The beam-forming unit, which will be explained in more detail below, generates, from the rotation-symmetrical, Gaussian profiled laser beam as is present after the beam concentration mirrors 14, 15, a line-shaped beam that is no longer rotation-symmetrical but is suitable in its cross section for generating a square illuminated field.
This illumination beam that is also referred to as line-shaped is used as the excitation radiation and will be guided over a main color splitter 17 and zoom optics, which are yet to be described, to a scanner 18. More details will be given later about the main color splitter, it only needs to be mentioned here that it has the function of separating the sample beam returning from the microscope module 4 from the excitation radiation.
The scanner 18 deflects the line-shaped beam in one or two axes, after which it is bundled by a scanning objective 19, as well as a tube lens and an objective of the microscope module 4 into a focus that lies in a preparation and/or on a sample. The optical imaging is carried out in this process so that the sample will be illuminated with excitation radiation in a focal line.
This type of fluorescence radiation that is excited in a line-shaped focus goes over lens and tube lens of the microscope module 4 and the scanning objective 19 back to the scanner 18 so that in the return direction after scanner 18 a static beam is again present. Therefore, it is said that the scanner 18 de-scans the fluorescence radiation.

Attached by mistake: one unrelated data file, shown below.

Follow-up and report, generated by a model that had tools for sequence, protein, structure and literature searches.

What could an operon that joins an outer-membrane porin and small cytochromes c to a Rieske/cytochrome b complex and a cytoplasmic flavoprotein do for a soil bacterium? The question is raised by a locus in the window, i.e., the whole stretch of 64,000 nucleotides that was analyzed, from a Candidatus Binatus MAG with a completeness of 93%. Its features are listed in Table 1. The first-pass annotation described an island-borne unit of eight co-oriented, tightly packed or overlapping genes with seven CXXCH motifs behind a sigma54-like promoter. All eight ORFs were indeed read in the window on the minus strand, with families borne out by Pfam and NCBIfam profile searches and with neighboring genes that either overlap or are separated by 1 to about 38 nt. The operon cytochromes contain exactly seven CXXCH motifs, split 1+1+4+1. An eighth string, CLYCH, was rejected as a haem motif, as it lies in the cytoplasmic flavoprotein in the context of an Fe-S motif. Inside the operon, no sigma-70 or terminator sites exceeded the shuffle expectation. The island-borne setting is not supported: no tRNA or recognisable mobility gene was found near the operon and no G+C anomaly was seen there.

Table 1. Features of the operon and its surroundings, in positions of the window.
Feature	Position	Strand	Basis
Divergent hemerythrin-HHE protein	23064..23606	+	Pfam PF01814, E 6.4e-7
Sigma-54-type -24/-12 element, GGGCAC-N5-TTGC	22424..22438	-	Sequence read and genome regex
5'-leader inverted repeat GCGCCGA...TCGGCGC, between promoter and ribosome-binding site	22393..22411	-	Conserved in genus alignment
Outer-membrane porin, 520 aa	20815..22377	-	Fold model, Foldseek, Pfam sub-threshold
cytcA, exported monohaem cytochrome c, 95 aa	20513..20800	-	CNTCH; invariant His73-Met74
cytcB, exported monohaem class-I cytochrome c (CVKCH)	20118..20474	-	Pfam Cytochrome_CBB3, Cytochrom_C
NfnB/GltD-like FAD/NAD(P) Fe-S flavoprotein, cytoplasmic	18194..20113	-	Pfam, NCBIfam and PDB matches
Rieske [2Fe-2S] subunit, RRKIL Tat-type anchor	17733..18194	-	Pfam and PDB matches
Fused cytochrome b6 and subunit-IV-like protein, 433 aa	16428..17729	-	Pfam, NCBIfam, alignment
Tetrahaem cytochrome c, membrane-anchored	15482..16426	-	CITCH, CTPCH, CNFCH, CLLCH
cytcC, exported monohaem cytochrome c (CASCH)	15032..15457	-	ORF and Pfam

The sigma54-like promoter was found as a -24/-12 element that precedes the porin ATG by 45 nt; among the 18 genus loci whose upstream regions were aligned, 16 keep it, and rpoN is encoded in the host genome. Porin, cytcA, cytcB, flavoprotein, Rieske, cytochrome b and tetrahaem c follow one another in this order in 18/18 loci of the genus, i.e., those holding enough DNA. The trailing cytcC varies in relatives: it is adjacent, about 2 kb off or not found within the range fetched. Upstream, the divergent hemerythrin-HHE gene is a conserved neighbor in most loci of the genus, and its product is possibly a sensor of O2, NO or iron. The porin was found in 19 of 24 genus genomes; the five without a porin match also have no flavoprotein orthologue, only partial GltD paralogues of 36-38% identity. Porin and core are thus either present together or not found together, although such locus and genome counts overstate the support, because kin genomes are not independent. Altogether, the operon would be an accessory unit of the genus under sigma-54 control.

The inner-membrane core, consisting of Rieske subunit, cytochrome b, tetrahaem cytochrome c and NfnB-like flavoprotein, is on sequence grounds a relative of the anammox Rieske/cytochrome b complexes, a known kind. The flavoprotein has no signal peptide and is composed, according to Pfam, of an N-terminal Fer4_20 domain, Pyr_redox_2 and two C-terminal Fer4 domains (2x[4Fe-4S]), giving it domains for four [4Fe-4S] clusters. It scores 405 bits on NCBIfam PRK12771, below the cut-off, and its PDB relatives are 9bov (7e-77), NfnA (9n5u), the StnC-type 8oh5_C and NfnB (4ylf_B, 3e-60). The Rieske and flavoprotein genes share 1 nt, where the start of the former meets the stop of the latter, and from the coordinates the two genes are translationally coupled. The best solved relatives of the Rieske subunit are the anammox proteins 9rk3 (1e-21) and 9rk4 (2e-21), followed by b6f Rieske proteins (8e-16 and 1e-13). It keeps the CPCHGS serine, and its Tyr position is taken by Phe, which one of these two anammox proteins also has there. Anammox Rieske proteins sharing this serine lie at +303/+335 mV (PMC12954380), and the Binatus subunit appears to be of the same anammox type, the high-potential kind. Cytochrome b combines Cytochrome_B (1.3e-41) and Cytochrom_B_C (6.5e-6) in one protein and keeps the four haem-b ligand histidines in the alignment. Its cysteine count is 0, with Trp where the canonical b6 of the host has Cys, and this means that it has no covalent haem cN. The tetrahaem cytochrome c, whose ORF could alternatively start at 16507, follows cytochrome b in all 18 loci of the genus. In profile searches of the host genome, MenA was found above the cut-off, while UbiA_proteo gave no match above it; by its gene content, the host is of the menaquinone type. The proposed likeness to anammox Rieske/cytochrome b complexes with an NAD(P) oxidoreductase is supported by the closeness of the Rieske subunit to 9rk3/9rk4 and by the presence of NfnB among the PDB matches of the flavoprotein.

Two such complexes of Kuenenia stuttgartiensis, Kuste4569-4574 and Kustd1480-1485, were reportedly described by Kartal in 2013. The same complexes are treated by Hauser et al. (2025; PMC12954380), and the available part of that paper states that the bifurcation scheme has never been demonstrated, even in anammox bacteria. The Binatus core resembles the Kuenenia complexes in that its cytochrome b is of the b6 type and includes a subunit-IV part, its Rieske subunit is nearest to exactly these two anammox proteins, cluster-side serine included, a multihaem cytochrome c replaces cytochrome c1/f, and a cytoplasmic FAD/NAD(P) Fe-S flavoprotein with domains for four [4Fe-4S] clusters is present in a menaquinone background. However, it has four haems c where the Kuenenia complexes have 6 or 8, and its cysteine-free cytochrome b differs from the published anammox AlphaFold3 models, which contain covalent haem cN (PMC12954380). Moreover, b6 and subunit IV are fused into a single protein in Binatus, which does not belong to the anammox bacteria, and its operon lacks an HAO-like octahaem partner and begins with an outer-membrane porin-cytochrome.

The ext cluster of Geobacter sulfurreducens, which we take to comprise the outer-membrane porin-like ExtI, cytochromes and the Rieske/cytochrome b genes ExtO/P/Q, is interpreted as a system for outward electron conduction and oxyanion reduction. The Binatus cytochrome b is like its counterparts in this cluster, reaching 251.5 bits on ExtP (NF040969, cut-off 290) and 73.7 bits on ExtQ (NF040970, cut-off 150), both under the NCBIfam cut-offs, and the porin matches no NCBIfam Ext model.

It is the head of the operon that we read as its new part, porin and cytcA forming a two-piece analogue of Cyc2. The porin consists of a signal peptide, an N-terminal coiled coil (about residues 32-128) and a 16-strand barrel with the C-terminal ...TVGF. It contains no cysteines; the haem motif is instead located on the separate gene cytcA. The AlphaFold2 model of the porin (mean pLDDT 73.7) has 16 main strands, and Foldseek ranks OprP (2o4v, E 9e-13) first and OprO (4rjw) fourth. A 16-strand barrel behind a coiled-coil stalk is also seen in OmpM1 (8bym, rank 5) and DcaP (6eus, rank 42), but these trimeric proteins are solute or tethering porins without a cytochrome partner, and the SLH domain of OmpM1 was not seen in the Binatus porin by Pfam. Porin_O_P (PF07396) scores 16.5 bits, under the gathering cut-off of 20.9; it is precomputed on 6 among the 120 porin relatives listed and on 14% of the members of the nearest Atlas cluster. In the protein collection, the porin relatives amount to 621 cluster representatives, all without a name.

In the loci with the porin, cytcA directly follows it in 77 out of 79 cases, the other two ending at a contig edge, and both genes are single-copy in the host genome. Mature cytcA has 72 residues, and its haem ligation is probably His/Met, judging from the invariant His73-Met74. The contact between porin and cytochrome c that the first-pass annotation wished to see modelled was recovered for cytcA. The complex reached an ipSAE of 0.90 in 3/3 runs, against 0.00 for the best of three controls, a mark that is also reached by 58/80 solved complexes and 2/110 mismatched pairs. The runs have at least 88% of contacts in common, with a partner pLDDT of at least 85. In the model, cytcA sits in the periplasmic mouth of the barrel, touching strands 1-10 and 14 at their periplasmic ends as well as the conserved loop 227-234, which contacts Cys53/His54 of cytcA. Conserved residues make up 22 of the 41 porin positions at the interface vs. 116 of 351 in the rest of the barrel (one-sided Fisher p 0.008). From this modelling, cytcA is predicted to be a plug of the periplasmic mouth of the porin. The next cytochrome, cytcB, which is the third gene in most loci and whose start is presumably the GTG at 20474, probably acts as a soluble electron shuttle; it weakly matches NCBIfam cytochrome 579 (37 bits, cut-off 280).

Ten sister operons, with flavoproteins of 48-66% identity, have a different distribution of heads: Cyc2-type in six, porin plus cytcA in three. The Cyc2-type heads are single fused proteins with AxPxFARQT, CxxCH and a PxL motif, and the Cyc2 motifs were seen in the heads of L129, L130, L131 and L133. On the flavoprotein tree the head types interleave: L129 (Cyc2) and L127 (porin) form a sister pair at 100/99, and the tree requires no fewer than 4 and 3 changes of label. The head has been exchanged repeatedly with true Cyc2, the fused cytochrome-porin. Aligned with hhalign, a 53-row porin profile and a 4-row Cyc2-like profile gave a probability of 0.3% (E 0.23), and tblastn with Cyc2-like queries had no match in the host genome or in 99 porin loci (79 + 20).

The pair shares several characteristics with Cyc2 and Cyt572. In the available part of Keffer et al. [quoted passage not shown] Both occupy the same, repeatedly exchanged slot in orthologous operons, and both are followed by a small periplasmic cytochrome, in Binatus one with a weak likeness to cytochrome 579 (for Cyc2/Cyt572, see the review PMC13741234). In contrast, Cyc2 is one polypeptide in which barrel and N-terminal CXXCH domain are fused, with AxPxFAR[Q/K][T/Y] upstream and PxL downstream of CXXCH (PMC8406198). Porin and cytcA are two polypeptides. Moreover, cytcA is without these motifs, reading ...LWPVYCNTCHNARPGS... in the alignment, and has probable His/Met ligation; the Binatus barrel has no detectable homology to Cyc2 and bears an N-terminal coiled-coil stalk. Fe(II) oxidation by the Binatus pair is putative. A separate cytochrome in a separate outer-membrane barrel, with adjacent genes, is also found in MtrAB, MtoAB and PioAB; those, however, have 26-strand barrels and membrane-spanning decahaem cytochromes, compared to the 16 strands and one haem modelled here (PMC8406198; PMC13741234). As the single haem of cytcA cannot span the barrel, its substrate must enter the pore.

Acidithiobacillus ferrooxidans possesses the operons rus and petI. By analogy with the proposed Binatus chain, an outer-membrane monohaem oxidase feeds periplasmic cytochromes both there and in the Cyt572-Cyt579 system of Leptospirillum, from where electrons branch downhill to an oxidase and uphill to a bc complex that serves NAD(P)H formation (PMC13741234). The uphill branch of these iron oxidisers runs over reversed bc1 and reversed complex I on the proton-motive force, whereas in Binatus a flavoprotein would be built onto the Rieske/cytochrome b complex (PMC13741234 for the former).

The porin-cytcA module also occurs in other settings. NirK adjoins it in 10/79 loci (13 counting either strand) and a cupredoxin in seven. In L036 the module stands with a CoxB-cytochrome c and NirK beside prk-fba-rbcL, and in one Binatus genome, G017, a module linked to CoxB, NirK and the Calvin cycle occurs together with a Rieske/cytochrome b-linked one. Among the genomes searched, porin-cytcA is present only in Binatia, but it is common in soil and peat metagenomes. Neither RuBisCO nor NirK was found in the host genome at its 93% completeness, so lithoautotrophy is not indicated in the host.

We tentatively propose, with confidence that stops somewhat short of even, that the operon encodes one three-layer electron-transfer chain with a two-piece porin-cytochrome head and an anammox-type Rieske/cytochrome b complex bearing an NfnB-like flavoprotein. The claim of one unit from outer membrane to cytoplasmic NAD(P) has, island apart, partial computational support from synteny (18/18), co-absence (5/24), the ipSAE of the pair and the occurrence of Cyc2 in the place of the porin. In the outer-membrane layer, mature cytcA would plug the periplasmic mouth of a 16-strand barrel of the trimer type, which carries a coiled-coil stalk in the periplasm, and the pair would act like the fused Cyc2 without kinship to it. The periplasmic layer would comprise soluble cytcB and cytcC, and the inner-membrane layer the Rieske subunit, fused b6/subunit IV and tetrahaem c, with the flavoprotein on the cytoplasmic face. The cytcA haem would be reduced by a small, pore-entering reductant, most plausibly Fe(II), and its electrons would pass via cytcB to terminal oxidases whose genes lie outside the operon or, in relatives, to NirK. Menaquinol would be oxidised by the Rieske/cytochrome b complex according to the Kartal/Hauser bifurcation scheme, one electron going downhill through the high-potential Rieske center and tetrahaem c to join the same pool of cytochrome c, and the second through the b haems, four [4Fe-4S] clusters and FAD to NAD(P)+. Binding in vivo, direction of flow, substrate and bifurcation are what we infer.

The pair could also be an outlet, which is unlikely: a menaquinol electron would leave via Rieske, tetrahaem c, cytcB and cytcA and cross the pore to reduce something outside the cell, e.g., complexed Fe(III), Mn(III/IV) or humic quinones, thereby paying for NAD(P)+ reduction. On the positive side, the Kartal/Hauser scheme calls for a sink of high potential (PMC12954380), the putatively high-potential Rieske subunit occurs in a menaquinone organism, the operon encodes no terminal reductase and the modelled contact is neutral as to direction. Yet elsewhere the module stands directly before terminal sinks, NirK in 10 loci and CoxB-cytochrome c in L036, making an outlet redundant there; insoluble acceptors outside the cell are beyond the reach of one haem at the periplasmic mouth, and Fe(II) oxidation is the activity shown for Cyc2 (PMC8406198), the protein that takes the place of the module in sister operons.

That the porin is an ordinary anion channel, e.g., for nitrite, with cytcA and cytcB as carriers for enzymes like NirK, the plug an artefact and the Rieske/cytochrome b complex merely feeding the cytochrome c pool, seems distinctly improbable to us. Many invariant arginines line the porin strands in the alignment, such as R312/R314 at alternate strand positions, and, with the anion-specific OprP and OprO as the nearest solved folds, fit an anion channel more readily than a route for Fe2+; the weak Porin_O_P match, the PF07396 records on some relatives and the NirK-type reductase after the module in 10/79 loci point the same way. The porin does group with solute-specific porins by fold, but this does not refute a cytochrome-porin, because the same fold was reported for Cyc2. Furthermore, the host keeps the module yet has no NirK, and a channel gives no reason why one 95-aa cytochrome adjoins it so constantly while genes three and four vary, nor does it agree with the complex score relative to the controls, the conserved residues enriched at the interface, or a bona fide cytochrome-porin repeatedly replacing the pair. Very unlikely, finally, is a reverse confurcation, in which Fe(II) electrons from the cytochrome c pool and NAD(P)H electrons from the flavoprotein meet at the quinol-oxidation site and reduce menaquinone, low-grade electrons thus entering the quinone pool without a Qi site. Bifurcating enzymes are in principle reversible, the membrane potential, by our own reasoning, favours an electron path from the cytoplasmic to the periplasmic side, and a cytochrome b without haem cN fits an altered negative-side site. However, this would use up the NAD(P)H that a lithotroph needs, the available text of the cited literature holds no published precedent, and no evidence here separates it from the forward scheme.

The main color splitter 17 allows the fluorescence radiation lying in wave length ranges other than that of the excitation radiation to pass through so that it is diverted over a deviation mirror in detector module 5 and can then be analyzed. In the embodiment in
Each spectral channel has a slotted diaphragm 26 that creates a confocal or semi-confocal image with respect to sample and whose size is specified by the depth of focus with which the fluorescence radiation can be detected. The geometry of the slotted diaphragm 26 thus determines the cross section plane within the (thick) preparation from which the fluorescence radiation is detected.
The slotted diaphragm 26 has a block filter 27 mounted after it that blocks undesirable excitation radiation that has gotten to the detector module 5. The line-shaped, fanned out radiation coming from a specific deep section that is separated in this way will then be analyzed by a suitable detector 28. The second spectral detection channel, which also comprises a slotted diaphragm 26 a, a blocking filter 27 a and a detector 28 a, is also designed analogously to the color channel described.
The use of a confocal slot aperture in the detector module 5 is only used as an example. Naturally, a single point scanner can also be produced. The slotted diaphragms 26, 26 a are then replaced by aperture diaphragms and the beam-forming unit can be eliminated. Also, for a construction such as this, all optics are designed with rotation symmetry. Then naturally instead of a single point scanning and detection, in principle any multi-point arrangements like scatter plots or Nipkow disk concepts can be used, which will be explained further using